I have a lot to be grateful and thankful over the last few weeks but will stick to the really important stuff this time around. As mentioned last week, I have been in paternity leave - 5 weeks early than anticipated.

To say these were testing times would be an understatement, but they were made more bearable by the incredible work of health professionals in Wales and Portugal. They did their work superbly and provided us with the information needed for myself and my wife to take some difficult decisions, gently supported by my Head of College at Swansea University.

There is good healthcare and then there is great healthcare. I am particularly grateful to the medical teams at Maternidade Daniel de Matos who delivered my daughter safely and kept her well for the last two weeks. This period ended up being an impromptu learning experience for myself - and not only on nappy duty front.

It was a joy (relief?) to see a well managed medical team going around its business, shifts rotating and information flowing clearly and consistently (for the most part).  For illustration purposes, the intensive care unit is composed by 35 nurses and 12 or 13 doctors. Almost 50 people in total handling 15-20 babies at a time. That can only be done under great leadership and by assembling a cohesive team.

What I saw there was a textbook case of leadership by example. The director is still doing shifts, including the ones no one wants: nights. I was puzzled to see her handling babies, filling notes 11pm at night when my daughter first arrived. But there she was, available for questions, clear in her answers (where possible...) and fully aware of the condition of each baby.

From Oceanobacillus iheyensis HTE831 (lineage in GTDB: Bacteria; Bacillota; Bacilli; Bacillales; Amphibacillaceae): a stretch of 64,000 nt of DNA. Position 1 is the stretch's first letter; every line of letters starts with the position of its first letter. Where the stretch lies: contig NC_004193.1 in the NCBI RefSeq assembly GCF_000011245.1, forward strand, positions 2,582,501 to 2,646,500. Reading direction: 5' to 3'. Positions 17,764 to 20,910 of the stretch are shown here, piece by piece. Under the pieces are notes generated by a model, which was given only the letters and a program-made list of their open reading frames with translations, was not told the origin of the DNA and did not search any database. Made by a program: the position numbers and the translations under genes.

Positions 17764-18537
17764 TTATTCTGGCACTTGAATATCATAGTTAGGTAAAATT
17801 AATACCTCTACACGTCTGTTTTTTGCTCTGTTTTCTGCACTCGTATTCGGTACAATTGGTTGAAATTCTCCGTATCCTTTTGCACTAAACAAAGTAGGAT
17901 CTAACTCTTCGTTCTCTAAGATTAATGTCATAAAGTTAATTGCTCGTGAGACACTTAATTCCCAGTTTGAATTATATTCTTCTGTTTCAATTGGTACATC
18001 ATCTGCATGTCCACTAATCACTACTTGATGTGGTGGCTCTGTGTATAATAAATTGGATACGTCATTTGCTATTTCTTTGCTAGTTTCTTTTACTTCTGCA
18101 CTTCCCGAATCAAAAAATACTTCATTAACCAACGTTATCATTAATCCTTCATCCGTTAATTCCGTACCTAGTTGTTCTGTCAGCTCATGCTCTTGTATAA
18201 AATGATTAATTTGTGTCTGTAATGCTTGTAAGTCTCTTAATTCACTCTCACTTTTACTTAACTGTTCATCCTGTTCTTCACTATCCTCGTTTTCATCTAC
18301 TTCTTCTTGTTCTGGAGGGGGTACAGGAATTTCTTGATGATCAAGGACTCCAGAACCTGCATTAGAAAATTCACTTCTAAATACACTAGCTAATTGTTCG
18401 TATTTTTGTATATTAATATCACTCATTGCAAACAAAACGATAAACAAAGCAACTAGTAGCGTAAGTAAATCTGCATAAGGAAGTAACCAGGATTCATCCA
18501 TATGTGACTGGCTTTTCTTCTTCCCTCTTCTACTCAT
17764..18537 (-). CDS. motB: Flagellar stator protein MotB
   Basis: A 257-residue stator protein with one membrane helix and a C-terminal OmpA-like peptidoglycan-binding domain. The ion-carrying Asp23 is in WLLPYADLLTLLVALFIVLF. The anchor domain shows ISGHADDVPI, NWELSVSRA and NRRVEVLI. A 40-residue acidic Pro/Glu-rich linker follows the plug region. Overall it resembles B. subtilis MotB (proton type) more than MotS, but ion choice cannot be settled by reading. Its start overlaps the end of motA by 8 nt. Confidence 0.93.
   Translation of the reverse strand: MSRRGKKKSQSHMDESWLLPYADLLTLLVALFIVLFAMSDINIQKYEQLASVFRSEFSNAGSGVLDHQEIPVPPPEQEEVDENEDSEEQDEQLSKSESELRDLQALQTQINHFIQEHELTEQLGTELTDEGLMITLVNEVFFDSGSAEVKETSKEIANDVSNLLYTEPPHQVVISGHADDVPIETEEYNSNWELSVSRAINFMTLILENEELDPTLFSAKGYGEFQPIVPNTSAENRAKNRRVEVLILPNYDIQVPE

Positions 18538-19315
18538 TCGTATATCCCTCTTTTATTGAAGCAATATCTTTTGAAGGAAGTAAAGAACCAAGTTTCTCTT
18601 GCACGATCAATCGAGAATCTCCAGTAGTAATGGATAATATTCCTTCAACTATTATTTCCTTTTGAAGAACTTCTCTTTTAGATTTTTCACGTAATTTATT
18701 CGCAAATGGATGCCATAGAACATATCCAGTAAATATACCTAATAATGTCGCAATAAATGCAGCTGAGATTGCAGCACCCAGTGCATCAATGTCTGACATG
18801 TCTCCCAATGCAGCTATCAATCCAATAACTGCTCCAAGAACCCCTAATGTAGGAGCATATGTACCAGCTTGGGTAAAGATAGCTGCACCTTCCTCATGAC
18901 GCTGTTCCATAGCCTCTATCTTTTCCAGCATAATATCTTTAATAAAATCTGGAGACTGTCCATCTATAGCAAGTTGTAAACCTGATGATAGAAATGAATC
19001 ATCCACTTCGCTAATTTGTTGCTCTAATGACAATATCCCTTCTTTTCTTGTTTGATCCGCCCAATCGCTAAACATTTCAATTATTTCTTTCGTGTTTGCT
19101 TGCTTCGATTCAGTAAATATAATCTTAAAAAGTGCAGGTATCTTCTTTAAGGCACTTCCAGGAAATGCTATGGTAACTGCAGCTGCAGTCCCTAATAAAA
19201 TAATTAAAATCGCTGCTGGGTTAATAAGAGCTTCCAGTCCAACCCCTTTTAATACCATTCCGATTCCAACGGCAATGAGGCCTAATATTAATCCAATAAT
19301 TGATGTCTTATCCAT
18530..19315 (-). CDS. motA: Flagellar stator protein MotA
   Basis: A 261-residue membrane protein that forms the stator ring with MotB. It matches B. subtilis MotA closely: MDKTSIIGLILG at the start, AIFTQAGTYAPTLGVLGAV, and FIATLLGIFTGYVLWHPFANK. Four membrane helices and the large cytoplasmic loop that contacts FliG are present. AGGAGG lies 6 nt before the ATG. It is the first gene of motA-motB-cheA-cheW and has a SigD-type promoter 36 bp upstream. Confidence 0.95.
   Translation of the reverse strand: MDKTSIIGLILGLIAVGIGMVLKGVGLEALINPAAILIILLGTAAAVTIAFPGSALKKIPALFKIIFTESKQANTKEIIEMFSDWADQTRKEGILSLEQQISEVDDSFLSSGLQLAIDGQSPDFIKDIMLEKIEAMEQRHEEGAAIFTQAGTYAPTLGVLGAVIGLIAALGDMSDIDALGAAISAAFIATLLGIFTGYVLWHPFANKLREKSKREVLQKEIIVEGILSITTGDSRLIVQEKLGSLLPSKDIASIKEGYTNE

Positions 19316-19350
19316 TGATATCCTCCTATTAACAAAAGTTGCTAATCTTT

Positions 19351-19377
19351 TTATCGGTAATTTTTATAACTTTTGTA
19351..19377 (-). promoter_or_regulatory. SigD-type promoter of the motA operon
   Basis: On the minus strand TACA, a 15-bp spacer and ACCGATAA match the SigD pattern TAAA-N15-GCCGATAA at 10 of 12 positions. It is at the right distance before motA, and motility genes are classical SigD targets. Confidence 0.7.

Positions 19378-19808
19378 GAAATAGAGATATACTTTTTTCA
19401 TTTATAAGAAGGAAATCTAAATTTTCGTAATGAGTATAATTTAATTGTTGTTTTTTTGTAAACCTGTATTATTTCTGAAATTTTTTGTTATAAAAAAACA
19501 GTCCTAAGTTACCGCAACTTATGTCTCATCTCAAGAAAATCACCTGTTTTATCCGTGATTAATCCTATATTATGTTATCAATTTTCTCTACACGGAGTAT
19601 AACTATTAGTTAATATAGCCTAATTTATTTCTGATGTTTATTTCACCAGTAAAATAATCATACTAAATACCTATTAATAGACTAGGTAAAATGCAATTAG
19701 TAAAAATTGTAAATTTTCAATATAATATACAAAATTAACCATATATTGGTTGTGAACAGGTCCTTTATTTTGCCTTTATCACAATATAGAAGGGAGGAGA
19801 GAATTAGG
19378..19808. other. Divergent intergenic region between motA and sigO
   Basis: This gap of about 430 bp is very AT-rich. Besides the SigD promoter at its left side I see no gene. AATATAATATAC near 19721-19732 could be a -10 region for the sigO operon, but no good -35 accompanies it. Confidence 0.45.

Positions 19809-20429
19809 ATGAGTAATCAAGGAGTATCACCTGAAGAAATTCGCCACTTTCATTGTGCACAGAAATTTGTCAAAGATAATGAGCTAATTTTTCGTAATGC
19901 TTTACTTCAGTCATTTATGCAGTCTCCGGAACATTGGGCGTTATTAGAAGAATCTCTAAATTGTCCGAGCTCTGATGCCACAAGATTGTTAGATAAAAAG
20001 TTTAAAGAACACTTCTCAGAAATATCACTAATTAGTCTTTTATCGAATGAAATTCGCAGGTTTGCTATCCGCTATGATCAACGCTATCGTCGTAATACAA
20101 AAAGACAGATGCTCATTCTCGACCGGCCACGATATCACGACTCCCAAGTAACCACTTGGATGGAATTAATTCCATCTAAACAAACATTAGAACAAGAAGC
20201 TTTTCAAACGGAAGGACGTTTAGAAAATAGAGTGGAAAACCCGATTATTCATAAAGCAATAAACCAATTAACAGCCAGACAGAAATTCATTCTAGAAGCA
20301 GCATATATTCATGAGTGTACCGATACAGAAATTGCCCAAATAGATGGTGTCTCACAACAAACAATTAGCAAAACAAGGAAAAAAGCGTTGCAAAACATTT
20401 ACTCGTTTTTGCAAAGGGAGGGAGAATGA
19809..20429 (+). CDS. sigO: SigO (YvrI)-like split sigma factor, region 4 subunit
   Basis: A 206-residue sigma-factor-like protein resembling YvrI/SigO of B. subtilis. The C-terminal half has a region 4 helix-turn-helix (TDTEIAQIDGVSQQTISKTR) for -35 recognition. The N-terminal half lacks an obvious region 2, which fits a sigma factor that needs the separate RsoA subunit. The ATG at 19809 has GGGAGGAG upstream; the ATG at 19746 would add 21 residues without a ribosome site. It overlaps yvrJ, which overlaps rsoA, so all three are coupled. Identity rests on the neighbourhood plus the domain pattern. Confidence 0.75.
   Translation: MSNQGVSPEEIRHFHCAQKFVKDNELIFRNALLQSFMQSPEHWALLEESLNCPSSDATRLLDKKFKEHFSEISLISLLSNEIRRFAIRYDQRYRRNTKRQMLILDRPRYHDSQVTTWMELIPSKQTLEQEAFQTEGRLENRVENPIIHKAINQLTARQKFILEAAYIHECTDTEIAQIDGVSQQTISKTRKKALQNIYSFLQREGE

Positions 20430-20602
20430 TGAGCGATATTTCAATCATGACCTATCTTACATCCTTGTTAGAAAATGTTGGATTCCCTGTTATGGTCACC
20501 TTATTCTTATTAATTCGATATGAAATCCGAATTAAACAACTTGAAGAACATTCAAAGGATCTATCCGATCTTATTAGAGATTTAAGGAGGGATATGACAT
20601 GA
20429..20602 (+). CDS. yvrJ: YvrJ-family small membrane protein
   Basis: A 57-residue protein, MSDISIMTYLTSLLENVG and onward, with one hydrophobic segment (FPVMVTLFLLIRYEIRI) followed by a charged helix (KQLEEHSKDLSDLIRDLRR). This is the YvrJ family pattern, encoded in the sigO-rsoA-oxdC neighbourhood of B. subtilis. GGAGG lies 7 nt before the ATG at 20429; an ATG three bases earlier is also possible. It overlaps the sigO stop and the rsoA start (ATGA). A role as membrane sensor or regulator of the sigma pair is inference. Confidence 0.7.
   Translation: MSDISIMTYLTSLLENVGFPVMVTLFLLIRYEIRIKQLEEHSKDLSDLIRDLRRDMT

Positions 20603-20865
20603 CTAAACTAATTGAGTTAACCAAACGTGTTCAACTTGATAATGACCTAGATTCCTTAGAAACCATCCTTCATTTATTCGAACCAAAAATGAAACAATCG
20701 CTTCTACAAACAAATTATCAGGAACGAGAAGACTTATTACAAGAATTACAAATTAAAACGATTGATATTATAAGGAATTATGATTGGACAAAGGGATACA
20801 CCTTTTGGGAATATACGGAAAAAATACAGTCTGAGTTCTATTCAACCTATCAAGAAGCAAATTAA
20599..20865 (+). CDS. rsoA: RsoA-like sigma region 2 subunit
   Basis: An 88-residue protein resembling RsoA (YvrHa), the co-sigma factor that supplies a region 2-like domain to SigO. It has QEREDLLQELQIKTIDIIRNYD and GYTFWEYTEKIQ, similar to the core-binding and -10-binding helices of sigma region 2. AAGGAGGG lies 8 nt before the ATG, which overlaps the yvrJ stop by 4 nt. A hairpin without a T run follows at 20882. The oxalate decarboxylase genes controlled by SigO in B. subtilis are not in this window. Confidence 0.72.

She imposed strict rules on visits (only grandparents, for 10 minutes once a week) but willing to depart from them when appropriate. The team was well drilled on what we could do and not do during the visits and our "get out of here periods". I was impressed with the ability of multiple nurses to handle parents & visits caught breaking rules. That's a sure sign they all know what they are doing and how best to handle us.

As a father the prevalent calm and atmosphere of everything being under control is incredibly soothing. Naturally, we did not see the flare ups and bust ups bound to happen with so many people working under such pressure and incredibly tight quarters.

I had a lot of time in these two weeks to observe and reflect on the experience. I started looking back at my professional career and struggled to see a comparable example of efficient management. The only example was the consortium manager responsible for the construction of a highway in Portugal when I was a lawyer. That particular manager was an engineer and boy did he run a tight, tight ship - again with a cohesive team around him. Super manager, super guy.

So what am I grateful for? Well, for having a healthy baby and mother making good recoveries for starters. Second, for the humanity as I - and all other parents - were treated in what are terrifying hours, days and weeks. Third, the clarity of information conveyed to parents when (and only when) it is necessary. Fourth, last but not least how parents are trained to handle babies which need special care in the following weeks or months. But that is a matter for another post.

PS: Normal blog operations resume tomorrow.